Understanding Canela, or Mexican Cinnamon

0

If you’ve noticed that cinnamon here in Mexico tastes different than what you’re used to in Canada or the United States, you would be right. Canela (cinnamon from Mexico or Ceylon) is not the same variety as cassie cinnamon – this is commonly sold and used in these other countries.

Both come from the inner bark of several varieties of tropical shrubs and trees native to Southeast Asia. Cinnamomum verum, which is sold in Mexico, is often considered the “real” cinnamon because of its distinct flavor profile and its ability to enhance rather than overpower a dish.

Perhaps you have noticed the difference in taste; canela is sweeter and more floral, not as brash or spicy, and with a more complex flavor that makes it better suited to savory dishes. In Mexican cuisine, it plays a role in moles, marinades and bean dishes, its subtle heat and warm flavor adding complexity and richness. And, of course, it’s widely used in candy: Horchata, milk rice, dulce de leche and Mexican hot chocolate.

You can find canela in the form of whole sticks (called quills) or ground into powder. Mexican cinnamon spices are fine, delicate and quite fragile; the bark rolls up on itself and crumbles easily. It is very difficult to grind it yourself, so I suggest you choose the most suitable form for the recipe.

I have selected a few unusual recipes here that use cinnamon; you can easily find the most common ones online.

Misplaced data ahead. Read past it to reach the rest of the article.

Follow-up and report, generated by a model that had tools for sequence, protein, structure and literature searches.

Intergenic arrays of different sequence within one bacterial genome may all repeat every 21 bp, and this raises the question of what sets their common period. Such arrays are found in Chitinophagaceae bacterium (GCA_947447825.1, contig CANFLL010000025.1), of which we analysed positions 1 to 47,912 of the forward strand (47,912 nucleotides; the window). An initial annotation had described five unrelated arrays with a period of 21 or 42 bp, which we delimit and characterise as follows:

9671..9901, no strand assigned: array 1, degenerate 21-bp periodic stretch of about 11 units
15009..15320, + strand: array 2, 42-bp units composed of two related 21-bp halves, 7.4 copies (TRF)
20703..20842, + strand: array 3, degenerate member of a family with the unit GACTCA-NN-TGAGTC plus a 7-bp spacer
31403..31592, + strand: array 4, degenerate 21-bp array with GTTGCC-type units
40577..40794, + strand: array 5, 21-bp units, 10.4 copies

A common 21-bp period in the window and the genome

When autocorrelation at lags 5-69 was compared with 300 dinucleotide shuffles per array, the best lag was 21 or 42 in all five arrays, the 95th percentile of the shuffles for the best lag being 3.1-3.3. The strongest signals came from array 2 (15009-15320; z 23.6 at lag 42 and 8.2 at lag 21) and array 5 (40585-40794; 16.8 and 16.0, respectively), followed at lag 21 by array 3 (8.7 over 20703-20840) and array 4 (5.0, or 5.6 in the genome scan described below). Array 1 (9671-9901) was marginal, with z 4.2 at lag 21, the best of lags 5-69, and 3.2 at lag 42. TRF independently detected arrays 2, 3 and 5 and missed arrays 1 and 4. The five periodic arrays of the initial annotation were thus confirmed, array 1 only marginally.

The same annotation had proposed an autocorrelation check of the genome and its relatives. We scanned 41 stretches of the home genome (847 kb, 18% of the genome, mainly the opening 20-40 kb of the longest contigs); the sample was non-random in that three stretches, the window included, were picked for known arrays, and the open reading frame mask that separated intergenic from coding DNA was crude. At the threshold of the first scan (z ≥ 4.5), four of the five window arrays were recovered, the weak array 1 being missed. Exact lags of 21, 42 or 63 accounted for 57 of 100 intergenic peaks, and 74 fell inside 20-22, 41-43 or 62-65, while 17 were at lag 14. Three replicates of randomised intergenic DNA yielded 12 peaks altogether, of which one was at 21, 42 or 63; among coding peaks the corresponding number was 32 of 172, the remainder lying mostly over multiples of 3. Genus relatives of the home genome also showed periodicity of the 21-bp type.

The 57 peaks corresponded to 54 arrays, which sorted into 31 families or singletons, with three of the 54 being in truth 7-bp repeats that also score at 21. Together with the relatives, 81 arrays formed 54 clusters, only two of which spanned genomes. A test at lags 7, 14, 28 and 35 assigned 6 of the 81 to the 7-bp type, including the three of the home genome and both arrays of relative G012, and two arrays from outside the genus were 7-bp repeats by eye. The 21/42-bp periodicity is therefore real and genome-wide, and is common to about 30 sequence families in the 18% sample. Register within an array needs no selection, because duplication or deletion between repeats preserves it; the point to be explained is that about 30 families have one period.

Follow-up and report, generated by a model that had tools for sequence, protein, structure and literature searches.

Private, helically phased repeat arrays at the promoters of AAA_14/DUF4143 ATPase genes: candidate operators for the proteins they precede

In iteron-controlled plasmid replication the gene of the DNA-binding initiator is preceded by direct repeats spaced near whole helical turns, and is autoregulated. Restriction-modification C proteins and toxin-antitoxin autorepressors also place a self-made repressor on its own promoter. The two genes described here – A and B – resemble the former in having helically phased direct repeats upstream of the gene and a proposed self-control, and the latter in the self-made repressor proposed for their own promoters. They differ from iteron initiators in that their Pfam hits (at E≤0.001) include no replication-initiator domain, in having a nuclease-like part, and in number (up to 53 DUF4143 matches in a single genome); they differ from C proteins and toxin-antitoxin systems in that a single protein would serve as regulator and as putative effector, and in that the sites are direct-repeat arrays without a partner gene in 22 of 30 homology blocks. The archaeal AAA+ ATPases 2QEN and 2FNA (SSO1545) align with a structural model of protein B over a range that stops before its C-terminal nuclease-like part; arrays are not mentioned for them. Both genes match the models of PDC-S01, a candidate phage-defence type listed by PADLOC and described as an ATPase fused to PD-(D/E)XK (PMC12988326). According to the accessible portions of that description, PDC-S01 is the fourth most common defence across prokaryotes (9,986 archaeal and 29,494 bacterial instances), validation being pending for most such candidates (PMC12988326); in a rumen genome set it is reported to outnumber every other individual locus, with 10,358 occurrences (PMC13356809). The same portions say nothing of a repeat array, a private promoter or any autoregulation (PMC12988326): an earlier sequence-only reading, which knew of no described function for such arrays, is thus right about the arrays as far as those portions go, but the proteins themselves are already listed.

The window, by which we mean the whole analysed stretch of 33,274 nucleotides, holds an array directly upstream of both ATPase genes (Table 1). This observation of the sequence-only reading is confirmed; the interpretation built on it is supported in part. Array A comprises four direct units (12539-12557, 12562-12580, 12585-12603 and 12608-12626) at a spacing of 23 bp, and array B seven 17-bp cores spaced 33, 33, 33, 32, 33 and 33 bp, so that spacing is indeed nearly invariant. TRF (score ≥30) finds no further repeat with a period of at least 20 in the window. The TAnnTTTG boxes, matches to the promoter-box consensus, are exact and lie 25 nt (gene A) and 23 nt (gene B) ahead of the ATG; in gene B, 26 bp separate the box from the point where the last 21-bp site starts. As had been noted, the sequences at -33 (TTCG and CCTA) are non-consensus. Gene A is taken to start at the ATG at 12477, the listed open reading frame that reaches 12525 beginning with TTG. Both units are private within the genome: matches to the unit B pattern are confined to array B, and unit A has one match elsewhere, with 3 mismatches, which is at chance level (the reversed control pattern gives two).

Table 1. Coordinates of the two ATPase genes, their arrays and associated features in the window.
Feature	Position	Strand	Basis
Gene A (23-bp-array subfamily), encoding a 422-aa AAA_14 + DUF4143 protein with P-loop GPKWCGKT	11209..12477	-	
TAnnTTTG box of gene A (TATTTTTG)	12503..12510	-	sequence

Cinnamon and Tamarind Margarita

For the rim of the serving glass:

  • 1 C. sugar
  • 1 C. salt
  • ½ tsp. Cayenne
  • ½ tsp. ground cinnamon
  • 2 tbsp. freshly squeezed lime juice

For the cocktail:

  • oz. tamarind concentrate
  • 2 oz. tequila blanco or reposado
  • 1¼ oz. freshly squeezed lime juice
  • ½ ounce simple syrup
  • ½ ounce freshly squeezed lemon juice
  • oz. Cointreau
  • Ice
  • Garnish: cinnamon stick, lime wedges

Rim preparation: Combine sugar, salt, cayenne pepper and cinnamon in a small bowl; pour onto a saucer. Pour the lime juice over the second saucer. Swirl the serving glass (martini or old-fashioned glass) in lime juice to wet the outer rim; swirl glass in cayenne pepper mixture, turning slowly to coat.

Preparation of the cocktail: Add the tamarind concentrate, tequila, lime and lemon juice, simple syrup and Cointreau in a cocktail blender. Fill with ice; shake well. Filter into a serving glass. Garnish with the cinnamon stick and lime wedges. –serious.com

Spicy Chicken Skewers

  • 1 cup of plain, whole milk yogurt
  • 2 tbsp. olive oil
  • 2 tbsp. smoked paprika
  • ½ tsp. ground cumin
  • vs. ground cinnamon
  • 1½ tsp. powdered red peppers
  • 1 lemon OR 3 small limes, juice and zest
  • 1½ tsp. salt
  • 3 garlic cloves, chopped
  • 2 pounds. boneless, skinless chicken thighs or breasts
  • 8-12 skewers (metal or wooden)

In a medium bowl, combine everything except the chicken. Cut the chicken into small pieces the size of a skewer; add to marinade and stir gently until completely coated.

Transfer to the refrigerator; marinate for at least 2 hours or overnight.

When ready to cook, thread the chicken onto skewers. Grill on a barbecue or in the oven under broiler on high power, until golden brown and cooked through, 6 to 8 minutes, turning once. Serve over rice.